shoulder the cost to allow criminality to continue.

      On October 31, 2001, a meeting with the FTC's Chairman of Consumer Protection

      J. Howard Beales, III, was arranged by a number of professional organizations
      in our industry here in Washington.

      Although the FTC seemed somewhat understanding of the dilemma facing
      employers and investigators, they clearly indicated that it was up to
      Congress to ask for their advice and that the FTC did not provide Congress
      with unsolicited requests for changes in law.

      We do not opine on this claim, but leave it to the reader to decide whether
      any regulatory agency seeking to expand its budget, authority, staff and
      appropriation has not gratuitously offered Congress "suggestions and
      guidance," the net effect being to significantly expand that regulatory
      authorities powers and appropriations.

      Hopefully the letter to Chairman Muris will have that effect and we encourage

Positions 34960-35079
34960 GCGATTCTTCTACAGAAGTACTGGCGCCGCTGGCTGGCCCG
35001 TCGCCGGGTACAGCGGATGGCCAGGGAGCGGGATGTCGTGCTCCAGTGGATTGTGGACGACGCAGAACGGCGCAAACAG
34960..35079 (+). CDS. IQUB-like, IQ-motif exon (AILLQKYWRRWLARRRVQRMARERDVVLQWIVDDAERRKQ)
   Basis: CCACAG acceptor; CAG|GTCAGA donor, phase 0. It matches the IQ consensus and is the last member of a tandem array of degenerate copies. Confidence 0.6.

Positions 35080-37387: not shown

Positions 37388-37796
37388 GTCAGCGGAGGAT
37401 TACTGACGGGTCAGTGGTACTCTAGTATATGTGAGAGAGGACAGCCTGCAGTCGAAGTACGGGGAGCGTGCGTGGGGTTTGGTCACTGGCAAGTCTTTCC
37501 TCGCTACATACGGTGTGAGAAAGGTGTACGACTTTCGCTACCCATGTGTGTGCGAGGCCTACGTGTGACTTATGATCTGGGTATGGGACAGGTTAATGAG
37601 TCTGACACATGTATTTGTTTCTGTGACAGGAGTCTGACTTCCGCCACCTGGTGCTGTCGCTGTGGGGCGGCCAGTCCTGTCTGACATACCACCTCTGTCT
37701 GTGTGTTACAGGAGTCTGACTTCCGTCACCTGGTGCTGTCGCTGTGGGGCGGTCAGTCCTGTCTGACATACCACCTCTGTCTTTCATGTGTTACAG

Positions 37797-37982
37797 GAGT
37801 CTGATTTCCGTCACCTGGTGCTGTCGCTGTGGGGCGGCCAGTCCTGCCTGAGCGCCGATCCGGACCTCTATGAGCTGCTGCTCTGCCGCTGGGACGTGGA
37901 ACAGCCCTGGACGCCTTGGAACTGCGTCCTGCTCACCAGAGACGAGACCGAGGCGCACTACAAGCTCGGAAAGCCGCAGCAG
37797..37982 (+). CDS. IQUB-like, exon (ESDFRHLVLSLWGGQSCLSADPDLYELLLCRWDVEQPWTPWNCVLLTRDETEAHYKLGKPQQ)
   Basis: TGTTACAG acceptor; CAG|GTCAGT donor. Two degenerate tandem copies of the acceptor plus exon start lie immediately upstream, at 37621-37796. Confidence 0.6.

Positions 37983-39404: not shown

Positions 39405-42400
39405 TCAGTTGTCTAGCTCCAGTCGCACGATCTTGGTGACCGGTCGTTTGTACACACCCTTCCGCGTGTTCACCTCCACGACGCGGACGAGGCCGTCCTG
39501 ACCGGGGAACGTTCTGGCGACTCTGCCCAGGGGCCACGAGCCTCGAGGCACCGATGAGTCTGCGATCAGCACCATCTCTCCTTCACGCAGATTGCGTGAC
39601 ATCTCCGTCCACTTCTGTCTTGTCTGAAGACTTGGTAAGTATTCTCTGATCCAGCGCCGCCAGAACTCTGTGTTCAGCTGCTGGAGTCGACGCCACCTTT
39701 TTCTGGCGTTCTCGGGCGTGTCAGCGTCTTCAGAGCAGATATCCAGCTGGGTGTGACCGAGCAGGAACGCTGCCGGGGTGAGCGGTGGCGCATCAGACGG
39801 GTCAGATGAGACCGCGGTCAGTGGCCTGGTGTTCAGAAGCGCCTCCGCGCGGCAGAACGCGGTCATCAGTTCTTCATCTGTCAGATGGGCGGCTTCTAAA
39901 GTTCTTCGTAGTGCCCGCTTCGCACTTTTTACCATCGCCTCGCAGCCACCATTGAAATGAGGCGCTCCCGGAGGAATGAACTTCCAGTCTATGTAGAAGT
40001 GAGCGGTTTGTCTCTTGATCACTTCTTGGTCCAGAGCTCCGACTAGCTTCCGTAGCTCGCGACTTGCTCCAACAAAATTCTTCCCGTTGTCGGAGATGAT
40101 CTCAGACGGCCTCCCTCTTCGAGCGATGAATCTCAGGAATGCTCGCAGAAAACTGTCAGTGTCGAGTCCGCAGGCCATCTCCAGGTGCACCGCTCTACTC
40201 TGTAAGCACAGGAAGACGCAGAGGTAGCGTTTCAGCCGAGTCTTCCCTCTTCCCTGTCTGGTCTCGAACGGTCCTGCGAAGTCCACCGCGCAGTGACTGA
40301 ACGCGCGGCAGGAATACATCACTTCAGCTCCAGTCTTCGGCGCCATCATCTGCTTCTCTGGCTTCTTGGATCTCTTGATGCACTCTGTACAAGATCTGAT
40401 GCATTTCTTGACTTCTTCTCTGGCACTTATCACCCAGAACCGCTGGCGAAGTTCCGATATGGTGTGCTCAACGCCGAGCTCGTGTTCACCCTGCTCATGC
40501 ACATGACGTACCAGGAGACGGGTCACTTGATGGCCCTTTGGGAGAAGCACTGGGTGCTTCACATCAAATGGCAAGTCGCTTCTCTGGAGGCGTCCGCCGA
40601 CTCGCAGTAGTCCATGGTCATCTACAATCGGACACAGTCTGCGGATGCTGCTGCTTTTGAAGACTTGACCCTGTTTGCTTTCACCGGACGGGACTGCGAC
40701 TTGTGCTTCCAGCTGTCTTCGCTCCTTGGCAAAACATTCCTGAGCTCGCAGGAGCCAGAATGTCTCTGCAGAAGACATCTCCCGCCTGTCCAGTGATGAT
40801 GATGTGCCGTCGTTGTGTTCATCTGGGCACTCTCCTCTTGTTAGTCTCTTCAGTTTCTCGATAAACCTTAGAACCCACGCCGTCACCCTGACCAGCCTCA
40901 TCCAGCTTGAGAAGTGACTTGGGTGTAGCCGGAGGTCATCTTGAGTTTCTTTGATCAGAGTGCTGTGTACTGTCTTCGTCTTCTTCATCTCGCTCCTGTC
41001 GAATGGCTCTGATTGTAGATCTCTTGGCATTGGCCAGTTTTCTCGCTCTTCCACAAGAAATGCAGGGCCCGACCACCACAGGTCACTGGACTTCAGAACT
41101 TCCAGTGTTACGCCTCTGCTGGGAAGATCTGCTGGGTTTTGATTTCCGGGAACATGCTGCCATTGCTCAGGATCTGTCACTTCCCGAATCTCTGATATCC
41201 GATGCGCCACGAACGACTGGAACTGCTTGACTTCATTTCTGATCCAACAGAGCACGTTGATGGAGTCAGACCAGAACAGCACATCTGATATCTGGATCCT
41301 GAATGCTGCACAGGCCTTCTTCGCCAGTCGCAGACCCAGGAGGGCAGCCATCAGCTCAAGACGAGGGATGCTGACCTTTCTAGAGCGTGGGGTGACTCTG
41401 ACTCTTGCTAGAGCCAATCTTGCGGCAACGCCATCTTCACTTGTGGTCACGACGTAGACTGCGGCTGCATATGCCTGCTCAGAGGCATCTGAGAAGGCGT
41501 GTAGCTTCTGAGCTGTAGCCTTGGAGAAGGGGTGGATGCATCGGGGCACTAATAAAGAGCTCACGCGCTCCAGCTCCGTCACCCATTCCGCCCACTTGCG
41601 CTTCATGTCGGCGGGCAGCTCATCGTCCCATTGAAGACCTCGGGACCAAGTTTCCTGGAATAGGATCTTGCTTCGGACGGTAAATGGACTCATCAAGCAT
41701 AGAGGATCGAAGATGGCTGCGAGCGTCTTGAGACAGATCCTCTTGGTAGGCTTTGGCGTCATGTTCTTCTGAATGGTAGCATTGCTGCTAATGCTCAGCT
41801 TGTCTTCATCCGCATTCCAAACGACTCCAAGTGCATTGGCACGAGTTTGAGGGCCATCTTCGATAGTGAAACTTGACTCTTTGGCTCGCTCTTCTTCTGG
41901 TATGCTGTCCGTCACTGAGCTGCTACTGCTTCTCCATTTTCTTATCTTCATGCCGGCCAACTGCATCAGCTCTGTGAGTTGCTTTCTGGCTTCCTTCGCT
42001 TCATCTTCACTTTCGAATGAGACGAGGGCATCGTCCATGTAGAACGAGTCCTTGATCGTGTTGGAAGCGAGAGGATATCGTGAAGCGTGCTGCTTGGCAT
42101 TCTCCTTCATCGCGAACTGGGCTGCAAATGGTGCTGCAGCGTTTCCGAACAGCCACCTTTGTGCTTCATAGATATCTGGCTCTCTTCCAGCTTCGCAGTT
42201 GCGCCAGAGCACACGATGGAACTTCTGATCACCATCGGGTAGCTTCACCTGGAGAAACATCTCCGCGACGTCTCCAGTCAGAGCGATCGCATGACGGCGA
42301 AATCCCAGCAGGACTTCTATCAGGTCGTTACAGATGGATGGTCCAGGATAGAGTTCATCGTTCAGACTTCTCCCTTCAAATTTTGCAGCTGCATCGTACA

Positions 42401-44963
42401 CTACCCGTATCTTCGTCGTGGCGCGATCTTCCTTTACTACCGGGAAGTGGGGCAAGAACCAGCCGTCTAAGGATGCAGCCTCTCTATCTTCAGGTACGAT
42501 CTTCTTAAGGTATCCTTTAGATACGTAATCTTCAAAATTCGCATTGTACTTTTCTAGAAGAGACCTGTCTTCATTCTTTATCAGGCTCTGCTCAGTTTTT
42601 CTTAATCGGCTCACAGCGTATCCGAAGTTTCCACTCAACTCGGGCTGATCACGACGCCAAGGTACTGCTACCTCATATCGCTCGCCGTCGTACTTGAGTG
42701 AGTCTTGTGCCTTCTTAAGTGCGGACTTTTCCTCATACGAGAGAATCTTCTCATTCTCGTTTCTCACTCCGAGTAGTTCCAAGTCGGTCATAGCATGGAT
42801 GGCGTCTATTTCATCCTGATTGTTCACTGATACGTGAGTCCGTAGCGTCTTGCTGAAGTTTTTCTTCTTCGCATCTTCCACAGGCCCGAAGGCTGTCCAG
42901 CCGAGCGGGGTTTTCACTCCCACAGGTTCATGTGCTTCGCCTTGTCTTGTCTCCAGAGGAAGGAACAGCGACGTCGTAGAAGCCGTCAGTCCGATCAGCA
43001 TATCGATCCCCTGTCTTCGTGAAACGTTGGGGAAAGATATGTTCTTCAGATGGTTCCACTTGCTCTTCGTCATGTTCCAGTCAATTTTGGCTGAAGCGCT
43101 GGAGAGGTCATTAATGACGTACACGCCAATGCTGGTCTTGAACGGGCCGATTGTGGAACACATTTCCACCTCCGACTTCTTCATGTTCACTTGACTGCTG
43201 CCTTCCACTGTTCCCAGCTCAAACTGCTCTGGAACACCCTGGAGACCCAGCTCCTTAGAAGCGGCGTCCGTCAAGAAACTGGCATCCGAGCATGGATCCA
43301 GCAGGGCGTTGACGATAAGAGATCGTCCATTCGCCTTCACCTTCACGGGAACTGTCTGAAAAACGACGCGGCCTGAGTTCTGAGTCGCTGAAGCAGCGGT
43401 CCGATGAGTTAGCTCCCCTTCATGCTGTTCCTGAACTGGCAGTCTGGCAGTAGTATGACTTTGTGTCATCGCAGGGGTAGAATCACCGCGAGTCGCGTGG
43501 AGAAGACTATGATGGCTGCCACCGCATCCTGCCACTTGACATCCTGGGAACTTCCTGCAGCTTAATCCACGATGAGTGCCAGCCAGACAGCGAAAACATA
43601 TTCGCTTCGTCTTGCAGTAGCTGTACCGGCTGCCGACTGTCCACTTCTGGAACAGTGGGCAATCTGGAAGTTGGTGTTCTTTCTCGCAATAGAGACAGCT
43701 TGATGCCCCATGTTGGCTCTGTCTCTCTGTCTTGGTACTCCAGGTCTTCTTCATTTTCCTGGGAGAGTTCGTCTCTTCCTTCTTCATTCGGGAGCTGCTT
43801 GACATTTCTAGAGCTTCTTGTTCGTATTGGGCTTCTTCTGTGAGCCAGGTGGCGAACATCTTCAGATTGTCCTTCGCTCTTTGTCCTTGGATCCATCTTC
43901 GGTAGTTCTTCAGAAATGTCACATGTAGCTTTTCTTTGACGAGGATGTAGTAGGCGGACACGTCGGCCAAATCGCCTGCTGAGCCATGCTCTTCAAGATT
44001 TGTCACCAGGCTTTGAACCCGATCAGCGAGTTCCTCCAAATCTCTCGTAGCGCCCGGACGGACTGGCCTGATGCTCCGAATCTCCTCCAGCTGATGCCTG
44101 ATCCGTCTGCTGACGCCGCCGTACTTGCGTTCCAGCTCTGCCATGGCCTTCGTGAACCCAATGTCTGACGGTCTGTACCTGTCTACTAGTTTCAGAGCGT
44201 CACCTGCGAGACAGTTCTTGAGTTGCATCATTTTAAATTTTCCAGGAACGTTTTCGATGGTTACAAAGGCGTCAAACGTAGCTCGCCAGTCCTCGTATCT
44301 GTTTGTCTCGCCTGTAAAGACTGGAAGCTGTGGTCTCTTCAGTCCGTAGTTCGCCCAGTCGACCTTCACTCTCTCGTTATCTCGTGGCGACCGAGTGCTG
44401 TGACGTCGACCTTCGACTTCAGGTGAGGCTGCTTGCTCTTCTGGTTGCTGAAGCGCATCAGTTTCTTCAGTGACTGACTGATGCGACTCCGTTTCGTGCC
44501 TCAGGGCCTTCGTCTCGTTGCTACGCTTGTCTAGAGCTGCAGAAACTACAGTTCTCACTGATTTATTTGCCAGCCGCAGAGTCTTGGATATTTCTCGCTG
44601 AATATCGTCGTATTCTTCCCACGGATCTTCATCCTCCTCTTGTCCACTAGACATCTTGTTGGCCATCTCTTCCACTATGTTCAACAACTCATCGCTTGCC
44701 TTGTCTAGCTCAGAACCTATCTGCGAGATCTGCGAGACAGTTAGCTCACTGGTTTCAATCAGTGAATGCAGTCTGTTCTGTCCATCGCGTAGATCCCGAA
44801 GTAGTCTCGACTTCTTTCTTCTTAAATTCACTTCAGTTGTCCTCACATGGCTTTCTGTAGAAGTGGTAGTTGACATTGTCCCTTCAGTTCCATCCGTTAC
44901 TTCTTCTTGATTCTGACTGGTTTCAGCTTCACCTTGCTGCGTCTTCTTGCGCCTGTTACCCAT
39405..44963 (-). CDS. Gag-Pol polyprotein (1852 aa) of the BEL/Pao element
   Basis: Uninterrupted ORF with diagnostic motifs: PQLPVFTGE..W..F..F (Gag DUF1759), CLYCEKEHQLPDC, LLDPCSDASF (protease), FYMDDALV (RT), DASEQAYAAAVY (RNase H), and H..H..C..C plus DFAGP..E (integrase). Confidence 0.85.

you to write Chairman Muris as soon as possible to support this move by
      Congress, as it directly affects all businesses, as well as law firms that
      are engaged to conduct such investigations.

      We believe that under the current administration, and because of the present
      circumstances here in Washington, coercive and restrictive legislation, such
      that passed prior to September 11th, is a bygone relic.

      This letter is only the beginning of turning back to a more realistic
      approach to solving internal business problems and permitting lawyers to
      conduct legitimate inquiries.

      Following is a copy of the Oxley/Bachus letter to the FTC and we ask that you
      write a similar letter seeking reversal of FCRA implications upon legitimate
      workplace investigation. Moreover, please forward this email to all
      appropriate persons who can write similar letters to Chairman Marcus.


      U.S. House of Representatives
      Committee on Financial Services
      2129 Rayburn House Office Building
      Washington, DC 20515

      December 5, 2001

      The Honorable Timothy J. Muris
      Chairman
      Federal Trade Commission
      600 Pennsylvania Avenue, NW
      Washington, DC 20580

      Dear Chairman Muris:

      Prior to your becoming Chairman, the FTC staff issued an opinion letter
      dated April 5, 1999, from Christopher W. Keller to Judy Vail that indicated